• This Means War
    Every time I came across this one on Netflix my hubby always scoffed about it so I figure I’ll just watch it on the plane when I came across it, for one reason only and that is Tom Hardy 😉 The preposterous level is off the charts and Reese Witherspoon is hardly believable as a girl these two guys would fight to the death over, but still it was fun watching the charismatic Hardy and Chris Pine bantering. Not a bad rental, even better when it’s free!
    ,,,
  • National Geographic TV show Megastructures on Dubai’s Burj Khalifa
    You can watch this one on Youtube, it’s quite fascinating even if you’re not an architecture buff.

HemingwayGellhornOn the way to Honolulu, I also saw the HBO TV movie Hemingway & Gellhorn starring Clive Owen and Nicole Kidman. It focuses on the tumultuous affair of the renowned writer and the war correspondent. I thought it was a decent film, and I think Owen captured the boisterous, untamable nature of Hemingway. He may be a great writer but boy, I wouldn’t ever want to be married to someone like that. Apparently their romance is the inspiration for his book For Whom the Bell Tolls.

Later this week I’ll have reviews of The Hobbit & Playing For Keeps, and also guest reviews of Jack Reacher and Django Unchained, courtesy of my pal Ted S.


So what have you been watching the past week, folks?

Classic List: The Women of Howard Hawks

Greetings, all and sundry. After finishing my three post ‘arc’ highlighting the career of Jack Lemmon, I’ve decided to delve and poke around a bit in the arena of Classics. And cast some light upon the easily known and often unsung heroines. Who plied their beauty, moxie and craft to make their often secondary roles in films more memorable. Almost always opposite a strong leading man. And under the deft and knowing touch of a director who knew how to get the best and more from his leads and entire casts.

The director in question is Howard Hawks. To whom action and comedy were second nature. And often front and center. Tools to used to misdirect, while weaving a slow smoldering romance in the bargain. With the women in question being just as strong, witty and clever as their leading men.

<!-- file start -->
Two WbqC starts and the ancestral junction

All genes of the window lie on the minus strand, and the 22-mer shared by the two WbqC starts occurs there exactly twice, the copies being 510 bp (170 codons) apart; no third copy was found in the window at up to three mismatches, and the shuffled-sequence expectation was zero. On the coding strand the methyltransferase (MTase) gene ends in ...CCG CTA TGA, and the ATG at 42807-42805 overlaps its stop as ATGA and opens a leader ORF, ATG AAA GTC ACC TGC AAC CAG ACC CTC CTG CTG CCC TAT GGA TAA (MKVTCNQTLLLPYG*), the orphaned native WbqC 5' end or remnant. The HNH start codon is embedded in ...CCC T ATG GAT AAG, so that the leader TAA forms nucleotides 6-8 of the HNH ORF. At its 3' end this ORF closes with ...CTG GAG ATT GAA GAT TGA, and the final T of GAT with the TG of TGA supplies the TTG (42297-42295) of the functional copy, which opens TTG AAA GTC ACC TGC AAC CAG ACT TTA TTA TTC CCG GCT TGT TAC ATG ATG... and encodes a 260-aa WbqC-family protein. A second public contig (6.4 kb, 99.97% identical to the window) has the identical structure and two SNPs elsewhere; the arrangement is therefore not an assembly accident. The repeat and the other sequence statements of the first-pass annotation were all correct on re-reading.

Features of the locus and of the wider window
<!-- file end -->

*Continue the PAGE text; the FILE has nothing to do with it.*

To that end, allow me to introduce:

The Women of Howard Hawks


Katharine Hepburn: Bringing Up Baby (1938)

This is the film where I like to think that Mr. Hawks began developing his ear for rapid fire dialogue from both ends of the spectrum. With Cary Grant as a harried, engaged Paleontologist, David. Who wants nothing more than to assemble the skeleton of his Brontosaurus with the aid of the Inter-Costal Clavicle. Secure a huge donation to his museum. Marry the monied, not so girl of his dreams and live happily ever after.

That is, until David happens across Katharine Hepburn‘s Susan. Who’s a bit scatter-brained and irresponsible and rarely explains anything directly. Preferring to go the long way around while trading tee shots at a local golf course. Leaving David completely flummoxed and unprepared for another chance meeting later that night. At a very glamorous party. Where Susan accrues a tear in her gown and a hasty escape to madcap, screwball situations. A pet leopard named ‘Baby’. A wily fox terrier named George, (Asta from ‘The Thin Man‘ series) who steals and buries the Inter-Costal Clavicle. Chance encounters with Susan’s eccentric relations and friends. And a late run in with the local constabulary, while a second leopard escapes from a traveling carnival and makes itself known.

Overall Consensus:

Yes, there is a lot going on in this comedic gem. A given, as the film clocks in at just 102 minutes. The trick is to just sit back and let the magic happen under the deft touch of a proven master. Playing in the sandboxes of visual and aural humor. Using Ms. Hepburn’s elegant delivery and speeding things up, just a skosh, in a verbal game of Ping Pong. Where the serve, meter of the near musical volley and the out of left field slammed finish is under Ms. Hepburn’s control. With an unusually flustered Mr. Grant trying to keep up. It may take a while to find the rhythm between pratfalls and flawlessly timed sight gags. But it is definitely worth the effort!

Jean Arthur: Only Angels Have Wings (1939)